Colorectal cancer is the fourth leading cause of new cancer cases diagnosed in the United States and is the second leading cause of cancer death[1]. Population-based surveys such as the Behavior Risk Factor Surveillance System (BRFSS) and the National Health Interview Survey (NHIS) suggest that colon cancer screening tests are underutilized in the United States[2]. Based on Surveillance, Epidemiology and End Results (SEER) data, adults over the age of 50 demonstrate a low prevalence of colon cancer screening[2-5]. One study reported that only 59% of adults aged ≥ 50 years were screened for colon cancer[6].

Colon cancer can be prevented in most cases by strict adherence to accepted colon cancer screening guidelines[7]. A position paper co-authored by several specialty societies listed flexible sigmoidoscopy, Computed tomography colonography, barium enema every 5 years, or colonoscopy every 10 years in average risk adults ≥ 50 years of age as acceptable for the detection of adenomatous polyps and cancer[7-10]. Annual fecal occult blood testing (FOBT), preferably with immunochemical methodology, as an acceptable alternative method for cancer screening[7,8]. Cancer screening using stool DNA remains under investigation[8,10]. Despite a lack of evidence from randomized controlled trials, colonoscopy has been shown to be a more sensitive test for the detection of adenomas and colon cancer than flexible sigmoidoscopy +/- FOBT[11,12].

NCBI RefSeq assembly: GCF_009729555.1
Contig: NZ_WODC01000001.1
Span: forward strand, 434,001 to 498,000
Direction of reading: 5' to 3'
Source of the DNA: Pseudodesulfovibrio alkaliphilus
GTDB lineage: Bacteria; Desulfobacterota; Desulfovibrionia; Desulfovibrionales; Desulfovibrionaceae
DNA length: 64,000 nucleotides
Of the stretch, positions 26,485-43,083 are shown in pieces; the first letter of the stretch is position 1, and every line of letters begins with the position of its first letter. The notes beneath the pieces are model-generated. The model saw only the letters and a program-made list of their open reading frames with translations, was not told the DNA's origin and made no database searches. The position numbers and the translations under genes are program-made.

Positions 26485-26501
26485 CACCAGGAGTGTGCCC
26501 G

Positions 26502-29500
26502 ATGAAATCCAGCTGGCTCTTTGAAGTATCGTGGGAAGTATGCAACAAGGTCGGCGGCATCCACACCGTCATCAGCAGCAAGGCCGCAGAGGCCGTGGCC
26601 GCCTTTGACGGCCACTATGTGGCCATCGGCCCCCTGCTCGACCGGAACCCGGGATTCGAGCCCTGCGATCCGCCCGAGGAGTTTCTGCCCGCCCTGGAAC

Factors identified as positive predictors of colon cancer screening participation have included older age, male gender, married status, negative smoking history, higher education, white non-Hispanic race, family history of colon cancer, regular medical care, physician recommendation, participation in other preventive health care services, and health insurance coverage[2,4,13-26].

The California Health Inventory Survey (CHIS) is the nation’s largest state health survey. A random-dial telephone survey is conducted every two years on a wide range of health topics. CHIS data gives a detailed picture of the health care needs of California’s large and diverse population. More than 50  000 Californians including adults, teenagers and children, are surveyed[27]. The specific aim of this study was to explore the CHIS database to identify demographic, socioeconomic, health and behavioral factors associated with participation in colon cancer testing. In addition, another aim was to perform a detailed analysis of the Latino population.

MATERIALS AND METHODS

CHIS is a collaborative project of the University of California at Los Angeles Center for Health Policy Research, the California Department of Health Services, and the Public Health Institute. (http://www.chis.ucla.edu/methodology.html). The survey has been conducted biennially since 2001 using a two-stage, geographically stratified random-digit-dial sample design to produce a representative sample of the State. At the first stage, telephone numbers are drawn within predefined geographic areas or “strata”. Telephone numbers are screened to determine if they are households and thus eligible for the survey. At the second stage, one adult is randomly selected among all adults living in a household.